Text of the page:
In recent years there has been an increase in reports of sensitive skin among men and women of various ages and ethnicities. Approximately 52% of women and 38% of men have self-diagnosed sensitive skin. Further, 10% of women and 6% of men describe themselves as having very sensitive skin.
Very sensitive skin describes individuals who have skin with a lower tolerance threshold for cosmetic and personal care products than those with sensitive skin. Thus, their adverse responses to these products occur more frequently. As a result, there has been an increase over the past ten years in the demand for cosmetic and personal care products formulated for individuals with sensitive skin.
According to the New York Times, sensitive skin product sales have jumped 13% since 2000, and sales in the United States average more than US$900 million annually. Though there currently are a plethora of sensitive skin products on the market, there is no industry standard for characterizing the condition or for substantiating sensitive skin product claims. This may be attributed to the lack of understanding the underlying mechanisms leading to sensitive skin.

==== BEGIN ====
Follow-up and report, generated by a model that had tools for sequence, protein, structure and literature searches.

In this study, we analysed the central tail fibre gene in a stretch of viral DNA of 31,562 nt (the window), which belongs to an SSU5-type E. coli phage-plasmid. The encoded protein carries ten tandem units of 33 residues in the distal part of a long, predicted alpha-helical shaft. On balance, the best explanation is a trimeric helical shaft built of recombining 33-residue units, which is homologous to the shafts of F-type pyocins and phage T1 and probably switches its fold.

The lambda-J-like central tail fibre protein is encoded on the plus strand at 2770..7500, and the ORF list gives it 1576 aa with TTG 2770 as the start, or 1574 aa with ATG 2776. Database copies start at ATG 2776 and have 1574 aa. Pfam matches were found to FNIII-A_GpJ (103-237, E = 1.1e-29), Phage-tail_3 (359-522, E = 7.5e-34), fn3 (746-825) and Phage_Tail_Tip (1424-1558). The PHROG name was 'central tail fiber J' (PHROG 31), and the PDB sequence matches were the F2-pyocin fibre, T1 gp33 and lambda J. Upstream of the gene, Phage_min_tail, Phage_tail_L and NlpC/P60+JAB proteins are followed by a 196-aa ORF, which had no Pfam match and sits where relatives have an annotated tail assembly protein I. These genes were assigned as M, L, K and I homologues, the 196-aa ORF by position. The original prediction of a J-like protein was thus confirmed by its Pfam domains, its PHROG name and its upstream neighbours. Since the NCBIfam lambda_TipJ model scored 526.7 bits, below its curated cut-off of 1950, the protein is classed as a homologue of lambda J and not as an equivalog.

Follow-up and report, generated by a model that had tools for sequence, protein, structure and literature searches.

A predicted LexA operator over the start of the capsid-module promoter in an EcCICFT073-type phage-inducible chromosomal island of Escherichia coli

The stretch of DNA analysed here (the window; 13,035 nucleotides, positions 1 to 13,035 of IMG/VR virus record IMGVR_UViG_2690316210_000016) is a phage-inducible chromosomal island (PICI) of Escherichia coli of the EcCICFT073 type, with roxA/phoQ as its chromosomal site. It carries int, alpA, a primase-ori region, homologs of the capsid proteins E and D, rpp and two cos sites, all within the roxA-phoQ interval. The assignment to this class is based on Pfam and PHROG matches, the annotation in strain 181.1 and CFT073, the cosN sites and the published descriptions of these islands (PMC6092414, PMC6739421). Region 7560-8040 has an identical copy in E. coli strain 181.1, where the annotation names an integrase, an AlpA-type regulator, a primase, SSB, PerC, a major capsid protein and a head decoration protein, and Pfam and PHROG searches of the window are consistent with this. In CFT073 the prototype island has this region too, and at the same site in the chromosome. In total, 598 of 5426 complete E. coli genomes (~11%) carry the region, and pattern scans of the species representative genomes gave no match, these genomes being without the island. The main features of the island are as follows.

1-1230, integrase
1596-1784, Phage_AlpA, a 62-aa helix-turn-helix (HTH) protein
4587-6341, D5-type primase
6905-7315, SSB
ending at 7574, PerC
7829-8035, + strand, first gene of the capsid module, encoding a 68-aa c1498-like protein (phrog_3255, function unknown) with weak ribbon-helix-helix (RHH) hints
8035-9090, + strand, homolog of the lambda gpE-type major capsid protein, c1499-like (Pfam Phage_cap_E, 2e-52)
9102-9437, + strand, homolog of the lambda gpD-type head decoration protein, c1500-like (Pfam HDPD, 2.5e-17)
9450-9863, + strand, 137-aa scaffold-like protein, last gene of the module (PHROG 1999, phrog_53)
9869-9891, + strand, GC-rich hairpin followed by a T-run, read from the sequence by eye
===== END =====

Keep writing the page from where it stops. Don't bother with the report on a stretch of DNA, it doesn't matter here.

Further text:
The obscurity of the etiology may well be attributed to the lack of noticeable signs of irritation, intra- and inter-subject variability, and an unclear understanding of the effects that age, race and lifestyle play in the prevalence of sensitive skin.
Clarification of the exact mechanisms of action in sensitive skin and the establishment of a universal, objective, reproducible and quantifiable testing method are essential for the further advancement of research in this area. Establishing these parameters will provide companies an avenue to substantiate their claims by ensuring that sensitive skin products are being tested on individuals with the condition, in turn enhancing the safety and efficacy of sensitive skin products before releasing them.